We’re all just trying to go viral nowadays. It seems to be a natural symptom of the current cultural environment that we live in.
But when you take a second to think about it, going viral isn’t all that it’s made out to be. You get your 15 minutes of fame, and that’s it. Everyone forgets about in a matter of days.
St. Louis based filmmaker and marketing consultant, Riche Uncle, explores the ills of going viral in his documentary Failed Success.
In the documentary, Riche Uncle explores how going viral can really play out for aspiring creatives, through the lens of Joseph Leflore, A.K.A. Joe’l, A.K.A. Mr. Ooh My God.
Joe’l reflects on his moment of fame, how it affected his career, and what he wished he did better. In an exclusive interview with Kulture Hub, Riche Uncle further explores how viral moments are exploited and how up and coming creatives, musicians, in particular, should approach going viral.
Riche on the necessary work that needs to be done before one approaches the prospects of going viral.
Musicians should have their business side set up before the even dive into releasing anything.
On top of that, Riche explains the key necessity of having a team. He’s a firm believer that musicians shouldn’t feel the need to do everything on their own.
Don’t be so independent that you try to do everything on your own. I think people get the term independent confused with, I will do everything on my own. Social Media and the internet move too fast for that; you need a team.
Once the right team is set up, going viral becomes something that is way easier to manage. As seen in the Failed Success doc, going viral without the right team around you can lead to the inability to fully capitalize on it.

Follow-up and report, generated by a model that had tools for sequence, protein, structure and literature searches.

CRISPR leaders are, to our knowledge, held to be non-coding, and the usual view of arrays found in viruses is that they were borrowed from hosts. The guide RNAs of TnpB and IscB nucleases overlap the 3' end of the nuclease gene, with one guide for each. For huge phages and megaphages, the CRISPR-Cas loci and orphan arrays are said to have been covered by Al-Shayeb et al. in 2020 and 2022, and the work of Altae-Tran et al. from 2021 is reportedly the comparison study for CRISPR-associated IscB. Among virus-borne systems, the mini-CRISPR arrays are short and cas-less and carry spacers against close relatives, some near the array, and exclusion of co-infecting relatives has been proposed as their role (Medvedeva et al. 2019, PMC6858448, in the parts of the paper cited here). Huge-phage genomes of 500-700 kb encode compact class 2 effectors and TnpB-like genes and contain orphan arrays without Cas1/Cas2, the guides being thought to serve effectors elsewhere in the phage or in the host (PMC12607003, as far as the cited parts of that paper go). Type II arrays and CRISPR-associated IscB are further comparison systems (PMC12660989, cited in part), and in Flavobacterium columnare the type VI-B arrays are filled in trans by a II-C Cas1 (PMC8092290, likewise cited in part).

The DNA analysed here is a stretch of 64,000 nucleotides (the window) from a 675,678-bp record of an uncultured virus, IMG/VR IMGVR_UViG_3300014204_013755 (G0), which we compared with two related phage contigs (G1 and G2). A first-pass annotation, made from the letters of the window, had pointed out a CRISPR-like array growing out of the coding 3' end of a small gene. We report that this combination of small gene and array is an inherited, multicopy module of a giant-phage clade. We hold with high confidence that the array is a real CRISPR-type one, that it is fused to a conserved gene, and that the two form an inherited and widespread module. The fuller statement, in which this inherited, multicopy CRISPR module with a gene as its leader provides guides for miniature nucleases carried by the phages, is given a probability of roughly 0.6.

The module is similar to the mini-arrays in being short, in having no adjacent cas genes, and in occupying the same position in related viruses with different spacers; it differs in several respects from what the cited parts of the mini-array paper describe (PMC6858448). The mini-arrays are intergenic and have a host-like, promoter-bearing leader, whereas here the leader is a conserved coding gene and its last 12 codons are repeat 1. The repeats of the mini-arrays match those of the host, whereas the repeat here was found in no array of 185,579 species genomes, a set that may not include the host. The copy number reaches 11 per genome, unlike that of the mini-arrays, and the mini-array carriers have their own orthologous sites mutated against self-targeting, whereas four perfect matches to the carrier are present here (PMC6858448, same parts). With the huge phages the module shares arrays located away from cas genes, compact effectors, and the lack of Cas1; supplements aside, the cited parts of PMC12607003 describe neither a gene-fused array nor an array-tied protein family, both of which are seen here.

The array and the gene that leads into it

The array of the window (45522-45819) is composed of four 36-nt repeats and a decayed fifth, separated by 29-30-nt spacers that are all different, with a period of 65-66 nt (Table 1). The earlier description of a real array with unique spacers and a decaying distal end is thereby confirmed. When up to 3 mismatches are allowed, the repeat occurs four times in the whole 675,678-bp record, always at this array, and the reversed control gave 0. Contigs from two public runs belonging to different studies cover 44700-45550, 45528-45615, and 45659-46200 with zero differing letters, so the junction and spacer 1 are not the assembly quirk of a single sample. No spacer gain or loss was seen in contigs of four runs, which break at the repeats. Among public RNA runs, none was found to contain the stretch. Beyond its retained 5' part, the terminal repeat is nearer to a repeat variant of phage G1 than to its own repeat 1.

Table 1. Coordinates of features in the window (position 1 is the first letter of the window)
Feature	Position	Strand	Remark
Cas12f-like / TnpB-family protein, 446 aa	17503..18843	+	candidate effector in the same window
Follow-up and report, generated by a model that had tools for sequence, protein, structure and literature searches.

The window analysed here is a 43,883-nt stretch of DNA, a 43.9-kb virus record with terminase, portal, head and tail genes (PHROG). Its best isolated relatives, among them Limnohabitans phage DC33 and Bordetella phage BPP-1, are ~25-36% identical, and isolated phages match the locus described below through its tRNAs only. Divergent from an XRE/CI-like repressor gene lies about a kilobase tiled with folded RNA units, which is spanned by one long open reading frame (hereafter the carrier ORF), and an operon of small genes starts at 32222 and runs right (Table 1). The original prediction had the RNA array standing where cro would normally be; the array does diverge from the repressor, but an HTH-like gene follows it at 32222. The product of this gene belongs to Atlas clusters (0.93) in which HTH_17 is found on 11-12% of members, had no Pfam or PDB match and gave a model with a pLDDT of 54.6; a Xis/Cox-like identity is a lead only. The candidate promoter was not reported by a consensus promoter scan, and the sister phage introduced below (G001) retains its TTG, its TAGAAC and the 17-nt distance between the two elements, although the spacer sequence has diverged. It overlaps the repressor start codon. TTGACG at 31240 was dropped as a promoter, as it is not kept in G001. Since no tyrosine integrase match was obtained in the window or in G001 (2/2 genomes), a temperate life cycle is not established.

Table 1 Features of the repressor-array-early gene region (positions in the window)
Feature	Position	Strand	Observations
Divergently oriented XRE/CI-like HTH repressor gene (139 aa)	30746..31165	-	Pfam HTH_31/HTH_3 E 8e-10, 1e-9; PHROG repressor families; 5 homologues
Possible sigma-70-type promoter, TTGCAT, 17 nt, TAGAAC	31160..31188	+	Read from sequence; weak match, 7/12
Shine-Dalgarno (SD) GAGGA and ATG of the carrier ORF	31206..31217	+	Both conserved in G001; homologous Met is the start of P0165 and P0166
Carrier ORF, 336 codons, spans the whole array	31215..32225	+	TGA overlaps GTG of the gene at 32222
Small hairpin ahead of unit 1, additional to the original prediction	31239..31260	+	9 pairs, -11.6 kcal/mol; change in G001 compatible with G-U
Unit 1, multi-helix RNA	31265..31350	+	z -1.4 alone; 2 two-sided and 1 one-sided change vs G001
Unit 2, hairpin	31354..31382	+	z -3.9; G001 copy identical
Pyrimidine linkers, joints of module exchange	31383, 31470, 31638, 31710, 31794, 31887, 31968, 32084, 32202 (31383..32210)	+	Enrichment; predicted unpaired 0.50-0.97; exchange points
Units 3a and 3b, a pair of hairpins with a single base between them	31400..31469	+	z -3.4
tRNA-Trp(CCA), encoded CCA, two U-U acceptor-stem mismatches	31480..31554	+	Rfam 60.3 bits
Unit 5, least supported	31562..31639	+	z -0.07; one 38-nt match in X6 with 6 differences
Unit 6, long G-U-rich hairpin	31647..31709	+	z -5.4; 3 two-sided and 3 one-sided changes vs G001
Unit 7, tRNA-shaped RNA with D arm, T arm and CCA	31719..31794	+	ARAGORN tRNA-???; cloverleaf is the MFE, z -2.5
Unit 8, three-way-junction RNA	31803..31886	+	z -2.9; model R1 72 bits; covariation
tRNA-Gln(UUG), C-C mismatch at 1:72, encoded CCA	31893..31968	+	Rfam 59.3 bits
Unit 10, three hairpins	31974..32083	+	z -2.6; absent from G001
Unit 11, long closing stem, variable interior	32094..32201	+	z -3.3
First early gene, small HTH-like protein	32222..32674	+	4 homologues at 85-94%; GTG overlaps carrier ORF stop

In Failed Success, Joe’l discusses not being surrounded by the right people. It’s clear that he believes with the right team, he wouldn’t have felt the same kind of exploitation that he was ultimately met with.
Even with some of the downfalls of going viral without a plan, Riche doesn’t believe that musicians should shy away from trying to go viral.
Definitely aim to go viral, especially with your musical content. It makes you recognizable for years to come, in return it will give some type of options to cash in on it. You can’t really go wrong with authentic and relatable viral content.
Going viral definitely has its advantages. Artists get to immediately connect with and reach crowds they wouldn’t have had access to before. Riche explained how these advantages can turn into tangible opportunities:
Going viral gives you high traffic and organic engagement. Companies and labels spend a lot of marketing dollars to go viral. Once you go viral, you can do more than obsess with the views and likes and social media posts. You can now get paid to do promotions, appearances and if you are a musician you can do shows.
Even in the case of Joe’l, Riche believes that viral moments are a mostly positive experience for artists.
Joe’l’s “ Ooh my God” viral moment was a brief one, but opened some doors for his voice and fun personality, this will always allow him some sort of opportunity in the industry.
The landscape is changing for creatives. We no longer live in a time where artists need to seek out existing gatekeepers to get their content out to the world. However, with this, comes an over-saturation of content and one of the few ways to make yourself visible is to go viral.
While going viral can be something that quickly gets you in and out of the public eye in a quick period of time, it can also be an opportunity to grab people’s attention and never let go.
So keep putting yourself out there, keep grinding, and make sure you’re ready to take full advantage when your viral moment finally comes.